History of Lake Louise
Lake Louise, the jewel in the crown of Alberta’s magnificent Rockies, has been recognized as an outstanding center for mountain sports for over one hundred years. As far back as 1890, Swiss guides, imported by the Canadian Pacific Railway, were introducing upper-class European guests to the splendors of the glacierhung peaks surrounding the lake.
Climbing and hiking were the earliest passions, but as the 1930’s approached, ski mountaineering and glacier skiing became the rage. A group of local enthusiasts known as the Banff Ski Runners, decided that the time was ripe to build a backcountry ski lodge. After consulting with the Swiss guides, the Banff Ski Runners determined an ideal location. A company called The Ski Club of the Canadian Rockies was formed to finance the venture, and a spot was found 19 km (12miles) north of Lake Louise, in Skoki valley, where there was easy access to several glaciers, the snow plentiful and the scenery was spectacular. Here, in 1930, the first overnight ski chalet in western North America was built.
In the summer of 1931 a wealthy English bachelor named Sir Norman Watson happened to visit the Rockies and was so entranced with it’s beauty, he bought a lifetime membership to Skoki Lodge and invested heavily into the Ski Club of the Canadian Rockies. Sir Norman, a devout skier, was quick to see the enormous potential of the Lake Louise area and envisioned great things for the future of skiing.
Construction of the Lake Louise Ski Area began in 1936 with the building of Temple Lodge. It was not however until 1954 that the first mechanized lift – a “platter”- was installed on the slopes of Larch, above the Temple Lodge. It was at this time that skiing really took off.
Over the next 40 years, an assortment of day lodges, a gondola, and chair lifts of all sizes were installed on the three faces of Lake Louise’s mountains, providing access to some of the most challenging powder bowls in the Rockies. Continuous improvements and expansions continued throughout the decades, and the next big change for Lake Louise in 1981 when local shareholder Charlie Locke bought out his partners to become the sole proprietor. As a Calgary-born mountaineer and professional mountain guide, this opportunity gave Charlie an ideal basis for constructive communication and cooperation with Parks Canada to secure approval for a realistic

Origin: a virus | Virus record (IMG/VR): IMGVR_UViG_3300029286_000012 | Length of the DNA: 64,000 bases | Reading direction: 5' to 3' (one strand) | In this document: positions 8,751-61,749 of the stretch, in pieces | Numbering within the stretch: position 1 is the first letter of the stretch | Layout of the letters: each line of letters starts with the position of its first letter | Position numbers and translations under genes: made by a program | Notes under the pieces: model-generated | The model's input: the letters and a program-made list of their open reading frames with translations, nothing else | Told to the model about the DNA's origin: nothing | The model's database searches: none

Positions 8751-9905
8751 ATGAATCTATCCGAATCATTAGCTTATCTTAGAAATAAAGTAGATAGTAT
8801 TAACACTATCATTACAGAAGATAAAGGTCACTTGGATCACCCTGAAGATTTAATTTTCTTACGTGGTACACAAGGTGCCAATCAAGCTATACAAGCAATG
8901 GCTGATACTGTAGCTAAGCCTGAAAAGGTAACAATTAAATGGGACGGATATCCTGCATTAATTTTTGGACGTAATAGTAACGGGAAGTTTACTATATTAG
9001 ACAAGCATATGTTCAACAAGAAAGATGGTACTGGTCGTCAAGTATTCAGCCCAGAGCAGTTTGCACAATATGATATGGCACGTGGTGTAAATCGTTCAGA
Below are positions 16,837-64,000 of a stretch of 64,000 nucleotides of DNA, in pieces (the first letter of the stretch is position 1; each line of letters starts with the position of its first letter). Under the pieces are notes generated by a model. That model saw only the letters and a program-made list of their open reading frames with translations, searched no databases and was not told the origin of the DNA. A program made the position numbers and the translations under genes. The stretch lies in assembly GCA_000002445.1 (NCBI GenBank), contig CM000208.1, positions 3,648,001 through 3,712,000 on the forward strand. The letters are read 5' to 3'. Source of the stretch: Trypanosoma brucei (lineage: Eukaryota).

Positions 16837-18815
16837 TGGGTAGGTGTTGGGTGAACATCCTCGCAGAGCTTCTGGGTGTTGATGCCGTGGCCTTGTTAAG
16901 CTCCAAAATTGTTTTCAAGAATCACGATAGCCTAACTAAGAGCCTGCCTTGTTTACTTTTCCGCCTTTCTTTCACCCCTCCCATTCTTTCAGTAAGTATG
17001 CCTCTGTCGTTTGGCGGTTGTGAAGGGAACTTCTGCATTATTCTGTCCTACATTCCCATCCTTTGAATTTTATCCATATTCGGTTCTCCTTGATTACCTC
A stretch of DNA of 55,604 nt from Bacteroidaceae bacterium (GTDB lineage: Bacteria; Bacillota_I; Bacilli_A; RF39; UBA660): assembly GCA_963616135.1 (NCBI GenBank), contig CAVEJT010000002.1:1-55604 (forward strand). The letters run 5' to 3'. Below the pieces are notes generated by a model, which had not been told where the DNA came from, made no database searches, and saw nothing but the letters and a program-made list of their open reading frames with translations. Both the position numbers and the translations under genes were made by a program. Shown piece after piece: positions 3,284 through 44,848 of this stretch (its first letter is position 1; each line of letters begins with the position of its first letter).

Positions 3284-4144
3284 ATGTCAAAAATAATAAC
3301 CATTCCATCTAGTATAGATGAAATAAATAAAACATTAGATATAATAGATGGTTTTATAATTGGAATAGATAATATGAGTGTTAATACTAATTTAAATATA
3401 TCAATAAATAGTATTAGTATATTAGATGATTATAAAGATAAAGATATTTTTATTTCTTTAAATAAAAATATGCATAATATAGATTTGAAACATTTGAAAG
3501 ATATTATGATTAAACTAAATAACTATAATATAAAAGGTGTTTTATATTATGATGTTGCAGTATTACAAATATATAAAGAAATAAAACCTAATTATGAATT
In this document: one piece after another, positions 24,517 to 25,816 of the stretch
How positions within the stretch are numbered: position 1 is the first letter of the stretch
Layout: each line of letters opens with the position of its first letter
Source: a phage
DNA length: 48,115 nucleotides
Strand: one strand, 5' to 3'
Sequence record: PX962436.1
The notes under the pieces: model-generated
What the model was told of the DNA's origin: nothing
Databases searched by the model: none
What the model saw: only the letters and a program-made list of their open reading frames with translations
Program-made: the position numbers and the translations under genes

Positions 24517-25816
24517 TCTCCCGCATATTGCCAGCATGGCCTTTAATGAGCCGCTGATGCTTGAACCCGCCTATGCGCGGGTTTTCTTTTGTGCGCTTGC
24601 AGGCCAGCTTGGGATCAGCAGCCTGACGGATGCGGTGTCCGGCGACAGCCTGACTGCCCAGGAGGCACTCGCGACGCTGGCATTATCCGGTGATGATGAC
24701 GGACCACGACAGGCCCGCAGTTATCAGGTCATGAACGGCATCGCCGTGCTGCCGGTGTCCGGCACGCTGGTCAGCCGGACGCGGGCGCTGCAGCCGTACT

long-range development plan.
Throughout the 20th Century, Lake Louise has become one of North America’s largest and finest ski areas. Improvements throughout the new millennium and beyond continue to make Lake Louise a world renowned, premier ski resort.
One thing, however, remains exactly as it was in 1930. The incredible beauty that so inspired the area’s pioneers remains unchanged, unspoiled and unforgettable. Again and again, skiers from all over the world single out the sheer delight of just being in such a glorious place as the one thing that makes a ski holiday in Lake Louise unquestionably the most memorable they have ever had.
Lake Louise Awards
• # 1 for Scenery: Selected as most scenic resort in North America– Ski Magazine annual reader survey (2003)
• Lake Louise topped the list in the “Best of City” poll in the Calgary Sports Category, under Ski Area. More then 100,000 on-line Calgarians voted over the course of 3 months for their city’s best –
CalgaryPlus.ca (January 2003)
• Ranked #2 for Value in Ski Magazine survey (2003)
• Lake Louise Ski Area was awarded the top spot in the categories of “Best View from the slopes”, “Best Steeps”, “Best Scenery”, “Best Blast from the Past” and “Most Romantic Accommodation” – Special Winter edition of Ski Canada Magazine (2002)
• # 1 choice for Calgary families. Lake Louise has been awarded the “2001 Parents Choice Award” from Calgary’s Child Family Magazine
• # 1 for scenery – Ski Magazine survey (2000)
• # 8 for value – Ski Magazine survey (2000)
• # 12 for terrain – Ski Magazine survey (2000)
• Lake Louise achieved a 24th place overall ranking among North American Ski Resorts – Ski Magazine survey (2000)
• Banff/Lake Louise ranked as #1 ski destination in the world – Britain’s Daily Telegraph (1999)
• The Lodge of the Ten Peaks, a 24,000 sq./ft. majestic log structure was ranked by Britain’s Daily Mail as the “best new day lodge in the world” (1999)